The killing of Osama bin Laden in May 2011 did not end the Global War on Terror. Removing the U.S. troops from Iraq in 2011 only gave rise to a new breed of Islamists bent on taking over the country, which fate awaits Afghanistan. The Islamic State of Iraq and Syria (ISIS), first appeared in Iraq in 2003, and has since grown substantially. The poorly trained Iraqi army has been no match for the battle hardened Islamists, who now control a large swath of territory in Iraq and neighboring Syria. ISIS recently declared a caliphate over an area the size of Maryland.
Wahhabism was born in Saudi Arabia in the early 1700’s, when Muhammad ibn Saud signed a pact with the preacher Muhammad ibn Abd al-Wahhabi, to help build the large kingdom through armed jihad. Wahhabi strict tenets have been practiced ever since. Osama bin Laden was indoctrinated by preachers who justified the killing of infidels as part of the Wahhabi doctrine. Osama bin Laden had stated that he considered all non-Muslims as invaders of Muslim soil. He called for a ‘fatwa’ or a declaration of war, against all the Western powers with the United States foremost on the list. The fatwa has been reinforced by Ayman al-Zawahiri the new al-Qaeda leader.
The Salafi fundamentalist movement which started in Egypt co-exists with the Muslim Brotherhood, a political movement active since 1928. Both want to take control of the governing process in North Africa and the Middle East. Mohamed Morsi, a Muslim Brotherhood member, was elected president of Egypt in 2012. He served one year before being deposed due to his radical leadership. In one speech he summed up his beliefs: “The Koran is our constitution, the Prophet Muhammad is our leader, jihad is our path, and death for the sake of Allah is our most lofty aspiration” further stating, “This nation will enjoy blessing and revival only through the Islamic Sharia.” The strict Salafi and Wahhabi doctrines espouse a caliphate ruled under Sharia law. Neither allows tolerance of anyone considered an infidel. It was radical Islamists who beheaded Daniel Pearl in Pakistan, Nick Berg in Iraq, and Paul Johnson in Saudi Arabia.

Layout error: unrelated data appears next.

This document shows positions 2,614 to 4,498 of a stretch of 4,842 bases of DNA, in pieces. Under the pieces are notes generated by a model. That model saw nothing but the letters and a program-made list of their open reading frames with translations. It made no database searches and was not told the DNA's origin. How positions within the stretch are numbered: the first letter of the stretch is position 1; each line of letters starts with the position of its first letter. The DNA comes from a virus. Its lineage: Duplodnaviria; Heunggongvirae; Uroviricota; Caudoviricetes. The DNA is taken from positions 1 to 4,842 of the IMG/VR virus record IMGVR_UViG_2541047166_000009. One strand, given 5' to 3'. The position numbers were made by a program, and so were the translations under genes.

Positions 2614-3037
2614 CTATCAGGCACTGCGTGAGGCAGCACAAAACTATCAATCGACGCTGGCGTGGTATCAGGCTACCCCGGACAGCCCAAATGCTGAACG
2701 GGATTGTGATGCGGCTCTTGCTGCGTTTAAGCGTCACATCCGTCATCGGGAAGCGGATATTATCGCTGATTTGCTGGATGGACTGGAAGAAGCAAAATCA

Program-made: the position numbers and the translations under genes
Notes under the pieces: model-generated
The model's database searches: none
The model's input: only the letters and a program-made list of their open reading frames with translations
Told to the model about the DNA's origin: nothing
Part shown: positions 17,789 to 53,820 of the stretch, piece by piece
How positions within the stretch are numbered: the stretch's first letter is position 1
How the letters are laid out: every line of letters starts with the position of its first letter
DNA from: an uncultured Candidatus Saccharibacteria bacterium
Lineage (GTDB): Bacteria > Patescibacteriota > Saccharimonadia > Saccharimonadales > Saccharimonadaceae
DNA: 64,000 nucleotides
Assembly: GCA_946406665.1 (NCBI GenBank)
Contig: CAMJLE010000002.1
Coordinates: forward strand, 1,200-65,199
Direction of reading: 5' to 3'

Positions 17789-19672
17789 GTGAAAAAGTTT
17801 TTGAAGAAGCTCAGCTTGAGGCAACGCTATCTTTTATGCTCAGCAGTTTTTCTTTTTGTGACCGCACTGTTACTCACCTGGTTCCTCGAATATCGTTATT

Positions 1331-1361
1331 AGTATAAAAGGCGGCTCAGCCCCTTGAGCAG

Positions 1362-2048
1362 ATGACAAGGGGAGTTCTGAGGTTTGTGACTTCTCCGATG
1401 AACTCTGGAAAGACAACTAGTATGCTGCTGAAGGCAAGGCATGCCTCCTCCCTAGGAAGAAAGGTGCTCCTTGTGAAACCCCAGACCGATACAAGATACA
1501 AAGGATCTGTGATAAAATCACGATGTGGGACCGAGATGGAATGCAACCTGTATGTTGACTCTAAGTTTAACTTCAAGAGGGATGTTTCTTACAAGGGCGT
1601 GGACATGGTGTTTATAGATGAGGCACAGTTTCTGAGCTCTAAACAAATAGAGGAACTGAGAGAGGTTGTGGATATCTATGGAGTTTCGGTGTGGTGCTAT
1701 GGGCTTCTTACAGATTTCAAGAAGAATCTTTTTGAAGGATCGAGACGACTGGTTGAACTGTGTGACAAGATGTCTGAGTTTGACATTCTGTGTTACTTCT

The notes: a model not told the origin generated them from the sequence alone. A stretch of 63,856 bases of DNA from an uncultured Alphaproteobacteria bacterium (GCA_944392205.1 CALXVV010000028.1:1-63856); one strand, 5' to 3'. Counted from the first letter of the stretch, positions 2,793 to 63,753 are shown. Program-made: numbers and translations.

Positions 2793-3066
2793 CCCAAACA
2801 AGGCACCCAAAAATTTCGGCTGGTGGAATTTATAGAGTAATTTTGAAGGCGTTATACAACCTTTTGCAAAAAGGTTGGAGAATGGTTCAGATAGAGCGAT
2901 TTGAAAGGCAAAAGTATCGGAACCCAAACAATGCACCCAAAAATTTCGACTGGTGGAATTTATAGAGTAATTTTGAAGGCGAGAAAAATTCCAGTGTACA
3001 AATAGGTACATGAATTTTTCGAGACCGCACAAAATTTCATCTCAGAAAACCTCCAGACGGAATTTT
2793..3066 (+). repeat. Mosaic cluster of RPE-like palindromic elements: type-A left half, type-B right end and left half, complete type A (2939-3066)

Saudi Arabia is the largest supporter of radical Islamist groups. It has financed over 4,000 mosques, religious schools, and cultural centers around the world. Since the early 1990’s there have been over 2,000 mosques and Islamic centers built in the United States, an increase of over 100%. The Wahhabi teachings in many of the ‘madrassas’ have cordoned off students within a growing society of extremism. A Daily Times article in 2005 described some of the madrassas as incubators of extremism and violence. Many of the imams preach the same form of fundamentalism practiced in Saudi Arabia that justifies armed jihad.
Islamic religious leaders around the world have increased their negative rhetoric in recent years. There are reports that during sermons in Mecca, imams have preached violence and attacks against Israel. They have also increased their negative sermons against the United States. Wahhabi imams have great influence over young people. Former CIA Director James Woolsey once told Congress, “Wahhabi extremism today is the soil in which al-Qaeda and its sister terrorist organizations are growing”. The Council on Foreign Relations noted that Saudi Arabia is the largest source of financing for al-Qaeda. The former publisher of an Egyptian-American newspaper noted that radical Islamic groups have taken over the leadership of several ‘mainstream’ Islamic institutions in the United States. Former Secretary of State Hillary Clinton noted that Saudi Arabia remains a critical financial support base for al-Qaeda, the Taliban and other terrorist groups noting, “Donors in Saudi Arabia constitute the most significant source of funding to Sunni terrorist groups worldwide”.